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Posted on February 12, 2015 (5775) By Rabbi Berel Wein | Series: | Level:

One of the most puzzling, if not even disturbing subjects, discussed in biblical and halachic detail, appears in this week’s Torah reading. That subject matter concerns itself with the institution of slavery – of literally owning another human being and defining them as human chattel. Certainly, the entire subject matter grates on the ears and sensibilities of Western citizens in our current twenty-first century.

We remember the words of Abraham Lincoln that if there is any wrong in human society, slavery is certainly that wrong. Yet, as a matter of cold hard fact and reality, slavery still exists in a large part of human society today and was certainly the norm in all human societies for many millennia. Only in the eighteenth and nineteenth centuries did Western societies begin the slow, painful and always violent change of mindset and practice and legally abolish slavery.

Large parts of the Moslem world today still incorporate slavery as part of their social and economic fabric of life. So, we moderns ask the question, certainly to ourselves if not publicly, why does it seem that the Torah accepts and even condones the practice of slavery? It devotes a great deal of space and thought to regulating it, limiting it, and making it more humane and less brutal.

Yet, in the final analysis it does not speak out against the practice nor does it forbid it as being a moral and legal wrong. To the true believer, this question like all questions regarding religion and faith, has really no validity. To the nonbeliever, there never is an acceptable answer to any of one’s doubts and questions regarding faith and revelation.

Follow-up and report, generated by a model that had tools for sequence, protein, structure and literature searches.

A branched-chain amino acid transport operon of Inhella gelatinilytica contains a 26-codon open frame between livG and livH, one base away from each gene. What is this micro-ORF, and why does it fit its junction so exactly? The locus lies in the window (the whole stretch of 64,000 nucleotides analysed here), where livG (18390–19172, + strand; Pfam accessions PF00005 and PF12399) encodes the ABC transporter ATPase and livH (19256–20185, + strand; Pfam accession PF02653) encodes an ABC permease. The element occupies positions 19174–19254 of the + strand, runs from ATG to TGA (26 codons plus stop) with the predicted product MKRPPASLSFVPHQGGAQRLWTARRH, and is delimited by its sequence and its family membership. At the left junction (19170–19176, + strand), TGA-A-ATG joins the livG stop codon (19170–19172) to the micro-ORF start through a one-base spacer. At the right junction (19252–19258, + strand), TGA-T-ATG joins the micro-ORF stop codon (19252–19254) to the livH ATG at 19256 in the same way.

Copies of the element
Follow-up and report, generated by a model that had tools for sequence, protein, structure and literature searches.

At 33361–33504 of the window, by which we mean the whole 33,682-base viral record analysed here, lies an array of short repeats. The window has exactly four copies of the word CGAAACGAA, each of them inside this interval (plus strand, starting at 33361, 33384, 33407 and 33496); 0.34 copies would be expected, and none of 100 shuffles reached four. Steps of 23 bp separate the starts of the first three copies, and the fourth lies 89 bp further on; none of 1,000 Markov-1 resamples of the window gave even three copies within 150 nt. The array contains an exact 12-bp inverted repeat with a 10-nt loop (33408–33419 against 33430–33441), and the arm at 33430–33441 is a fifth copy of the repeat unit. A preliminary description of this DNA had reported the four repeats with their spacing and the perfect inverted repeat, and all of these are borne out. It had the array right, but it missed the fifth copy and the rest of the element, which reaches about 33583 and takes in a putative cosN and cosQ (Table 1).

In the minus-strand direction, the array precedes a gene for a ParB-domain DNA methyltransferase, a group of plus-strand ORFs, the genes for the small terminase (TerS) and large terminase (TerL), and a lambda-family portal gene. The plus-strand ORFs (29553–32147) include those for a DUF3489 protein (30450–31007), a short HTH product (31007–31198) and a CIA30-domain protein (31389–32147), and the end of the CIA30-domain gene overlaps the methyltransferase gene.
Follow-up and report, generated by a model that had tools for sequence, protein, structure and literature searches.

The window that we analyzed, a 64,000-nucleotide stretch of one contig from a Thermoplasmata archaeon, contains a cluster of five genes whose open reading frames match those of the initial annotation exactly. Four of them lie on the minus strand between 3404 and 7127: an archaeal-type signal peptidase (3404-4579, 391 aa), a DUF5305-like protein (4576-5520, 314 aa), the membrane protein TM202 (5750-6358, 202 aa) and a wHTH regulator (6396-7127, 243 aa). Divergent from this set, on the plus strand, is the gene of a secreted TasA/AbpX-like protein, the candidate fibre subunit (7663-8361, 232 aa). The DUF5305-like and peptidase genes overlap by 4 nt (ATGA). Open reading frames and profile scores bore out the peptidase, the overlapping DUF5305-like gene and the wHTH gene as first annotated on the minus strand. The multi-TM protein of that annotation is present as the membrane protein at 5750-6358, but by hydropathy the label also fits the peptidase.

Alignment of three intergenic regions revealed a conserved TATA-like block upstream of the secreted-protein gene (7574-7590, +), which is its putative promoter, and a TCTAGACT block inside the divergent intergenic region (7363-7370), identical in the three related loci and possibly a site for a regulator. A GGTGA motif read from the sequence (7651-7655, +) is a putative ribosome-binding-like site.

To many if not most of us who, though believing are nevertheless troubled by seeming moral inconsistencies and who search for Torah relevance in our everyday lives, this type of question gnaws at us.

The Talmud many centuries ago pointed out the inefficiencies and economic backwardness that slavery inflicts upon society. Its famous statement was: “One who purchases a slave to serve one’s self is in reality acquiring a master over one’s self.” Yet, even here it is the impracticality of slavery that is being attacked and not the immorality of the institution itself.

Many of the great Torah commentators, especially of the last few centuries, have attempted to deal with this issue. They saw in it – in this Jewish attitude toward slavery – an institution that could rehabilitate the criminal, give opportunity to the helpless poor, educate the ignorant and bring the pagan to monotheistic society and its enlightened practices and attitudes.

As true and high sounding as these goals are at best, they still do not sound a ringing condemnation of the institution of slavery itself. I think that we are forced to say that since the Torah was given to all societies and all times – an idea emphasized by Maimonides throughout his works – the Torah, as was its wont in many cases, spoke to a current and long-lasting society that could not imagine a world where slavery should no longer exist.

It regulated the institution and look forward to a time such as ours where, in most human societies, that institution would no longer exist. The Torah never commanded the acquisition of slaves. It tempered the practice, waiting for the time when it would cease to be an issue.

Shabbat shalom Rabbi Berel Wein

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